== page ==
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A: Paris, Île-de-France, France

The Emergence in Paris of Concordances and Subject Indexes

Circa 1190 to 1290
38 Ugo da San Caro
Hugh de Saint-Cher, ex convento di San Niccolò, Sala del Capitolo, Treviso, 1352. This, incidentally, is one of the first pictures of a person wearing glasses. The inventor of spectacles, or exactly how they came to be invented is unknown.

"In the course of the thirteenth century a flood of texts appeared that belonged to a genre virtually unknown before, works such as the alphabetical collections of biblical distinctiones, the great verbal concordances to the scriptures, alphabetical subject indexes to the writings of Aristotle and the Fathers, and location lists of books. These are works designed to be used, rather than read. Moreover, in many cases -- for example, the concordance, or subject index to the works of Augustine -- these new tools helped one to use, rather than to read, the texts to which they were devoted. Tools such as these are unknown in classical antiquity. They are alien to the Hebrew and Byzantine traditions until imported from the Latins. And they emerge with striking suddenness in the West, to the point that one may say that before the 1190s such tools did not exist, and that by 1290 the dissemination and new creation of such tools were commonplace. . . .The development of the concordance should be examined in the context of the methods used to 'distinguish' words found in the text of the Bible. The collections of biblical distinctiones that abound in western Europe from the end of the twelfth century are the earliest of alphabetical tools save the dictionaries. Distinction collections provide one with the various figurative and symbolic means of a noun that is found in Scripture, illustrating each meaning with a scriptural passage" (M. Rouse & R. Rouse, "The Development of Research Tools in the Thirteenth Century," Authentic Witnesses: Approaches to Medieval Texts and Manuscripts [1991] , 221-23).

From 1230 to 1239 the first concordance of the Bible was compiled in Paris under the guidance of Dominican Hugo, or Hugues, de Saint-Cher (Hugo de Sancto Charo). In this project Hugo was assisted by as many as 500 Dominican friars. Because Dominicans were required to preach they had need for a reference that correlated a word or subject with specific books and chapters in the Bible.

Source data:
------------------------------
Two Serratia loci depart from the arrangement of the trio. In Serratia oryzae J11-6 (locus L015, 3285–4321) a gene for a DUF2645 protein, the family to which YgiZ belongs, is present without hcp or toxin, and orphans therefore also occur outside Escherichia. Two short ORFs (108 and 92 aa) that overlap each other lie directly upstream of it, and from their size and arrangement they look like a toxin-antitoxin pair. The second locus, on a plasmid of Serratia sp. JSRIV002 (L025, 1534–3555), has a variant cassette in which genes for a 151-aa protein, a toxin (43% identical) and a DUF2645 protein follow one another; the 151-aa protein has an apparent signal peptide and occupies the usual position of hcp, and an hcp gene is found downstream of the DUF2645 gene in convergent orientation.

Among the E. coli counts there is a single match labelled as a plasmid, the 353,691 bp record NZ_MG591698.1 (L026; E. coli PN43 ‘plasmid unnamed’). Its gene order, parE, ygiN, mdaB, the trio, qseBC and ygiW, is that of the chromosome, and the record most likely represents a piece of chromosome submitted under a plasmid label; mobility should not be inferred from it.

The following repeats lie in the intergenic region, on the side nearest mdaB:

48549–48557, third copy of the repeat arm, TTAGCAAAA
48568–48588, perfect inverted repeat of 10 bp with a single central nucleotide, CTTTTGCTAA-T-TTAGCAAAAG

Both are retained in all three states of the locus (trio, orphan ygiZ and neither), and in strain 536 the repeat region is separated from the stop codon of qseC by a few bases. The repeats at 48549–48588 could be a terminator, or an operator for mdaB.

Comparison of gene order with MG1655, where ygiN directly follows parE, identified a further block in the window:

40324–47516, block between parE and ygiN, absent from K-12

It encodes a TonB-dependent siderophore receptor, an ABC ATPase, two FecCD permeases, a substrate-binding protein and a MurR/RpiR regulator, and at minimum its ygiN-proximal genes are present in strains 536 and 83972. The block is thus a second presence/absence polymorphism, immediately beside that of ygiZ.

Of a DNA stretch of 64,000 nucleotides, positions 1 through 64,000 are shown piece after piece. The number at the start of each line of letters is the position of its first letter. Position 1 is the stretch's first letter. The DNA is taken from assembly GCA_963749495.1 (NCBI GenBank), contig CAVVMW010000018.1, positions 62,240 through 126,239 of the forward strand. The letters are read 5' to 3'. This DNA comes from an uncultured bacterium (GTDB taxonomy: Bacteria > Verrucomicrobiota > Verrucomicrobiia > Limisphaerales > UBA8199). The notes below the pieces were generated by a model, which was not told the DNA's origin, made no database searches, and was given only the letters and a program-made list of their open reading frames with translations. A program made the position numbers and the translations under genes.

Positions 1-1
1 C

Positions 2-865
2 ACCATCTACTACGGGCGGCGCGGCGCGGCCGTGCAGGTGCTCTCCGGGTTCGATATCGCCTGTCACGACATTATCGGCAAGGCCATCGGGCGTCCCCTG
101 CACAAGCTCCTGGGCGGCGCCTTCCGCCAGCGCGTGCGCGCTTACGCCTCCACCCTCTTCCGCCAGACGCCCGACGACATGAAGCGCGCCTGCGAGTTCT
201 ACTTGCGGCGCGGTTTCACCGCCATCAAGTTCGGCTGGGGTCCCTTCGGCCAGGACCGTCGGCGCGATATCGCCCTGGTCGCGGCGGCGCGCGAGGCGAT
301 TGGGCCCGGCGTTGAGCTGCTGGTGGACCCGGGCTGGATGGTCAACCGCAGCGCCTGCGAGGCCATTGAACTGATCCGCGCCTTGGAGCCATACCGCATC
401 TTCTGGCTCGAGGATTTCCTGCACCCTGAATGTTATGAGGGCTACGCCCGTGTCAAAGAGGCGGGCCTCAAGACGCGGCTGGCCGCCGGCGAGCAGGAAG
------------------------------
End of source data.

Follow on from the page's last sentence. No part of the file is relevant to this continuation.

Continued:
The first concordance contained no quotations, and was purely an index to passages in the Bible where a word was found. These were indicated by book and chapter. The division of the Bible into chapters had recently been invented by Stephen Langton, Archbishop of Canterbury. Verses were introduced much later, by scholar printer Robert Estienne in 1545. In lieu of verses, Hugo divided the chapters into seven almost equal parts, indicated by the first seven letters of the alphabet A-G. The first concordance gave only a list of passages, and no idea of what the passages contained. Thus was of little service to preachers. In order to make it more useful three English Dominicans added around 1250-1252 the complete quotations of the passages indicated. The work was somewhat abridged, by retaining only the essential words of a quotation, in the concordance of Conrad of Halberstadt, a Dominican (1310), which obtained great success on account of its more convenient form. 

"The production of this major work over a period time required an impressive organization of man-power. There survive, in the fifteenth-century bindings of manuscripts from Saint Jacques, four quires of what must be the penultimate draft of this concordance, revealing something of their methods: each quire was written by a different copyist responsible only for a fixed portion of the alphabet, as one can see from the blank space each left when he had finished his assigned task. Corrections were then noted, so that it would be ready for the final copy. A drawback of Saint Jacques I is the fact that its words are not cited in context. This version survives in eighteen manuscripts, thirteen of which date from the thirteenth century" (Rouse & Rouse, op. cit., 224-25.)

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